NEW BELGIUM RED HOPTOBER

You know, I really do like New Belgium as a brewery. Although they’re picked on a bit by snobbier beer geeks, I think they make a lot of solid, basic offerings that are often good values for where they’re priced. I’m not talking about Lips of Faith series beers. I’m talking about year-rounders and their constantly rotating seasonals, which seem to be replaced by new ones on a yearly basis. It’s a little confusing.

Because they seem to be a good value, I find myself buying New Belgium beer on a fairly regular basis in Central Illinois. I’m just a sucker for getting a good deal–when I go to my local brew store, the NB offerings are there on the shelf for $7.99 per six pack, even for things like the Abbey Ale or Tripel. Compare that to $11.99 for everything from Bells for example, and the choice is easy. I may find their beers to be of “pretty comparable” quality, but there’s very little that could make me buy a similar six-pack for 12 bucks when I could get it for eight.

And so, my willingness to drop money on New Belgium means that I end up trying most of the seasonal releases. The most recent is the Red Hoptober, which i assumed (fairly, I think) to be a hoppy American red ale when I caught it on the shelves. I’m not sure that descriptor is all that accurate, however. Tasting note follows:

New Belgium Red Hoptober

NOTES: 12 oz bottle, poured into tulip glass.

ABV: 6% abv, American red ale

APPEARANCE: Very, very dark red into brown. Looks dark brown in normal light and deep red when held up to the light. About as dark as something can be when you have “red” in the title, with a little bit of thin, off-white foam.

AROMA: Sweet and with strong nutty and toasted aroma. There’s something that smells like burnt sugar. It reminds me of the smell when a drop of malt extract falls onto the burner during a homebrew session. I can’t really pick up on the hops, which is worrisome.

TASTE: Lots of caramel and that nutty flavor comes back again. It’s pretty sweet. There are piney hops here as well. It tastes like a “darker beer” than an American red ale normally would, like a strong American brown, which is not a favorite style for me.

MOUTHFEEL: Medium, carbonation isn’t that strong.

DRINKABILITY: A little on the sweet side, but goes down pretty easy I suppose.

OVERALL: There’s something going on in this beer that just seems a bit out of whack to me. I have a tendency to grade things harsher when they don’t fit what I think they should taste like, and this is no exception. I don’t get the hops in the right way in this beer, and the style of malt sweetness just doesn’t fit well with the hops that are there. I give it 2 hops.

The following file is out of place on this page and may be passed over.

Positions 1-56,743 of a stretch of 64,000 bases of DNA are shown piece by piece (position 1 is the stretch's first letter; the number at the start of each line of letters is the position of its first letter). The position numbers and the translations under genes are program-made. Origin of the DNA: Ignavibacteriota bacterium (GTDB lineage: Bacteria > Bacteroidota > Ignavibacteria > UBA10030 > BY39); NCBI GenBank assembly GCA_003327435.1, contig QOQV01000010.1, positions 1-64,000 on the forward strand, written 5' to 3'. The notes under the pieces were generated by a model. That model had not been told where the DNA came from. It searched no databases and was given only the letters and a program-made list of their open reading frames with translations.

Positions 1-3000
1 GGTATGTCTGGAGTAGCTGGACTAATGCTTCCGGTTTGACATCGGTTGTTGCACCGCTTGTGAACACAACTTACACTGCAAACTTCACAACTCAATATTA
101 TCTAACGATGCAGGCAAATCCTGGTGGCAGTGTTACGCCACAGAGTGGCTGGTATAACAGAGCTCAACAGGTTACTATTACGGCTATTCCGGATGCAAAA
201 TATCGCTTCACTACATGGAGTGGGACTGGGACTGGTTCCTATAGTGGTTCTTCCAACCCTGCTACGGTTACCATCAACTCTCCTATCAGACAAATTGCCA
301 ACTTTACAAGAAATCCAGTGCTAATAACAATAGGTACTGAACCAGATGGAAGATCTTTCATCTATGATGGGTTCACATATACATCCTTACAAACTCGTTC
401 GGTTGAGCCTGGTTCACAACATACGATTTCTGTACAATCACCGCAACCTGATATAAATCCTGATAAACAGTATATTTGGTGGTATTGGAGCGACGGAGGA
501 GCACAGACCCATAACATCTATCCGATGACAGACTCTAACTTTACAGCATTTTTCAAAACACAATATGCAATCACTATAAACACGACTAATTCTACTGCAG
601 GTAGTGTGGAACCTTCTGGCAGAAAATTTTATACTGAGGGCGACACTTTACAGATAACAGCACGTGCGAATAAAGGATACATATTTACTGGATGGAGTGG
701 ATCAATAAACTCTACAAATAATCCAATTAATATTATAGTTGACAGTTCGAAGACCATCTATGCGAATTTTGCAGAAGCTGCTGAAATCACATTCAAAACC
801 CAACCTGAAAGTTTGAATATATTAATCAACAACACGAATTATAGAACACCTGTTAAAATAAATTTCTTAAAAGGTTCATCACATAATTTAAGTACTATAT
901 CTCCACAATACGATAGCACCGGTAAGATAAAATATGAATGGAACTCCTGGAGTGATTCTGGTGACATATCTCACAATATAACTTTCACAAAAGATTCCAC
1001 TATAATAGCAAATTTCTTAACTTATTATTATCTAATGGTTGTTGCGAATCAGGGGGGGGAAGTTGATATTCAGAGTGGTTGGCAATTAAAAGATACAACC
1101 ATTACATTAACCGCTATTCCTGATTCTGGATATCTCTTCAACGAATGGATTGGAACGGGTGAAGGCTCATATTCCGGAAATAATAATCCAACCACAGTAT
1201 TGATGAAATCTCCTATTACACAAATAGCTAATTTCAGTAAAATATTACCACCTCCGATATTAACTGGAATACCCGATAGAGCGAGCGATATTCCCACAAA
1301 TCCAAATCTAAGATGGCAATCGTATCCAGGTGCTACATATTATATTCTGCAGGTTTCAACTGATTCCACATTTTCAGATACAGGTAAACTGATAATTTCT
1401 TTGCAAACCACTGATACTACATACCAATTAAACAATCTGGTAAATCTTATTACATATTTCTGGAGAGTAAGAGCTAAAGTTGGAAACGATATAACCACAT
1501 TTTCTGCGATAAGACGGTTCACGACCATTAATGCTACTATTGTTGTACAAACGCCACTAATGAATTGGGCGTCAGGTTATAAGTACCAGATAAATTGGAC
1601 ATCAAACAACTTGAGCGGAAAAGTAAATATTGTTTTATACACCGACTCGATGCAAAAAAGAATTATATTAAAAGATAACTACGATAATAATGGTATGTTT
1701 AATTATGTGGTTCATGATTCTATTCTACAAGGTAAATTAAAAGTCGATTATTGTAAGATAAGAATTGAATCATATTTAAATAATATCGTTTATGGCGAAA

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7 comments

  1. I also just picked some of this up. I wanted to dislike it for mostly the same reasons (restrained hop profile even though the name has the word hop in it, sweetness) but I found myself liking this beer anyway. I thought it tasted a little earthy (not as earthy as NB Dirt) a little sweet, a little bitter. Really like the flavors of an autumn dinner – undersweetened pumpkin pie, sweet potatoes, rosemary lamb with some kind of berry sauce, etc… I think you should try it again later in the season once it gets cold. I would normally be one to argue that ‘seasonality’ in beers is stupid since a good brew can be enjoyed anytime no matter the weather. I’m also against food/beer pairing, preferring beer and beer pairing. However, I have to reconcile liking this beer even though I shouldn’t.

    Also, my suggestion for YOU to try the beer once the seasons change is only because I don’t live in a place with seasons – so for me it will taste the same.

    1. I doubt my opinion is going to change much, but I’ll save a couple of bottles and try them again later in the fall. Thanks for the comment.

  2. On the NB brewery tour last week, this was the beer that they pulled off the bottling line and served us 20 minutes after it was packaged. I actually enjoyed it quite a bit. Maybe it was the psychological persuasion of how “fresh” it was. Maybe it was the pro-NB propaganda I had been fed for 90 minutes. Maybe it was the 25 beers Doc and I had already consumed at Fort Collins, Odell and Funkwerks. Regardless, it was pretty tasty.

    I think NB gets a bad rap because the Fat Tire is so dreadfully dull. But I’m (mostly) a fan of the rest of their brews. The Lips of Faith series is generally outstanding and, as Kid noted, their standard stuff is both solid and affordable.

    1. I agree with everything you said there Barley. I “Think” I enjoyed the Hoptober, but I also “Think” I saw one of us chug a can of Fat Tire while staring down at industry in motion. I really have no idea which part of that last sentence is true.

  3. Thanks for the review! A little late to the party, but I appreciate the NBB plug. I agree with your review (almost) completely. Upon first sips the hop/malt balance just didn’t work for me. I’m not sure what I was looking for, but it wasn’t the sweetness I encountered, followed by the biting bitterness. It took me a few bottles, but I got there, and now RH is looking to be my regular rotator for fall…
    Again, thanks for the review!

  4. antisocialist · ·

    My wife, who is not a hop head, bought a make your own 6 pack tonight at the grocery. I “settled” on Guinness Stout for myself. She opened a Red Hoptober and tasted it for the first time. Two sips and she decided she just couldn’t finish it and passed it off to me. I liked the aroma, found the initial bite to be a little too sweet, but enjoyed the finish.

    This is one of those beers that I probably would purchase myself, but if it was among the freebies in a cooler at a party next to some bland lagers, I’d grab it.

    1. Definitely. There really isn’t any 2-hop beer out there that I wouldn’t reach for before drinking a Bud Light.

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